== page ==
High prevalence and clustering of modifiable CVD risk factors among rural adolescents in southwest Nigeria : implication for grass root prevention
CITATION: Odunaiya, N. A., Grimmer, K. & Louw, Q. A. 2015. High prevalence and clustering of modifiable CVD risk factors among rural adolescents in southwest Nigeria : implication for grass root prevention. BMC Public Health, 15(1): 661, doi: 10.1186/s12889-015-2028-3.
Publication of this article was funded by the Stellenbosch University Open Access Fund.
The original publication is available at http://bmcmusculoskeletdisord.biomedcentral.com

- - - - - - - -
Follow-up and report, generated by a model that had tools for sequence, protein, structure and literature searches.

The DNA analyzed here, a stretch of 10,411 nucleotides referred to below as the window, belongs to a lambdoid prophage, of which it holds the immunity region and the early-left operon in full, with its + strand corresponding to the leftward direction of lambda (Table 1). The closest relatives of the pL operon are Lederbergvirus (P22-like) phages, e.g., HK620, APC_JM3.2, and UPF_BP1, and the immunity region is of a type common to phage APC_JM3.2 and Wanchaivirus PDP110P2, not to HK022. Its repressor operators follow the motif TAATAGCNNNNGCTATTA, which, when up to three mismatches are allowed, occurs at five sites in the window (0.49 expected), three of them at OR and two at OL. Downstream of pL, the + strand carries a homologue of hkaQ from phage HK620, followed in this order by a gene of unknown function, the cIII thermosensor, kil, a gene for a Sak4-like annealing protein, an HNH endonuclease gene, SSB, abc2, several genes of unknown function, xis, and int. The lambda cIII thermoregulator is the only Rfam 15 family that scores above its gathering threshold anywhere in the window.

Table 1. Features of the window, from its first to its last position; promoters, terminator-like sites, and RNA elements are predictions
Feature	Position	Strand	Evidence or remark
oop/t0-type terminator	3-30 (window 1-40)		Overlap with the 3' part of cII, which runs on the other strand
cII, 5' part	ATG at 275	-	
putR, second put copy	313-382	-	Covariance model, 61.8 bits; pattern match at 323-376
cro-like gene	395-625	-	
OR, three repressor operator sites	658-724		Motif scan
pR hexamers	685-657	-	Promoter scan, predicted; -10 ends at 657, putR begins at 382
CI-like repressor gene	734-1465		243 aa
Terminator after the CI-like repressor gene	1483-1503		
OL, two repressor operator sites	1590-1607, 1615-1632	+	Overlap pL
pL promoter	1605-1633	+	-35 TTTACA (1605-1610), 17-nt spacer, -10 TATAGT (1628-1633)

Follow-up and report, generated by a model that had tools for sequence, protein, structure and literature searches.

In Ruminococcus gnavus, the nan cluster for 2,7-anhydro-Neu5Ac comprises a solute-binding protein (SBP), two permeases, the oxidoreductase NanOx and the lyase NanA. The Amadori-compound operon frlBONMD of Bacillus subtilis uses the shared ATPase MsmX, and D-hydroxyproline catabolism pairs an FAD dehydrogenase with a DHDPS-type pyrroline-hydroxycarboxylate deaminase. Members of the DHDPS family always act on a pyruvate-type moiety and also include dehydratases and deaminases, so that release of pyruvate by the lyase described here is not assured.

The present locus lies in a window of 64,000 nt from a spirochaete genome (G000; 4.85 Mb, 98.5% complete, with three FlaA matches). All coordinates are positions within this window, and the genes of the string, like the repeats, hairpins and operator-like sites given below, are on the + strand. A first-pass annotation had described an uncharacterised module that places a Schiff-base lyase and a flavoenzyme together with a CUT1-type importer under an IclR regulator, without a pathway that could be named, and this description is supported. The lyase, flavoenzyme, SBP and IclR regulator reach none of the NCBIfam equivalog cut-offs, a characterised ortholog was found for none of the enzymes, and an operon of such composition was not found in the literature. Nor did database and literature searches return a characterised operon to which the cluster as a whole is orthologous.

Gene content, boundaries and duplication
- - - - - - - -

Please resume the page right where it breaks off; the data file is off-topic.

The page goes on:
Background: Cardiovascular disease (CVD) is an immense global problem with serious economic and social consequences. Modifiable risk factors for CVD have been identified internationally in adolescents where early intervention programs have the potential to reduce CVD risk on individual and population levels. In developing countries such as Nigeria, little is known about the prevalence of modifiable CVD risk factors among adolescents especially in the rural areas. Methods: This paper reports on a cross-sectional survey of modifiable CVD risk factors among rural adolescents in South-West Nigeria. All 15–18 years old adolescents in all the schools at Ibarapa central local government were approached and all those who assented and consented to participate in the study were involved. A total of 1500 adolescents participated in the study. Measurements of CVD risks factors taken were; smoking, physical activity, alcohol, dietary pattern using a questionnaire developed by authors. Other CVD risk factors such as waist hip ratio and BMI were taken using standardized instruments. Data were analyzed using STATA version 12. Results: Data from 1079 adolescents (56.5 % males and 53.5 % females) were analyzed. Mean age of males was 16.4 ± 1.14 years and mean age for females was 16.29 ± 1.13 years. Adolescents showed clustering of CVD risk factors with about 72 % having between two and four risk factors. A total of 102 clustering patterns were reported. The most common clustering pattern (19.6 %) included high animal lipid and salt diet. Conclusion: There is high level and clustering of CVD risk factors among rural adolescents in Southwest Nigeria. The most common clustering pattern was biased towards dietary factors. The high prevalence of CVD risk factors among rural adolescents in Southwest Nigeria suggests that urgent primary prevention programs are required to prevent the next generation of Nigerians from suffering of CVD.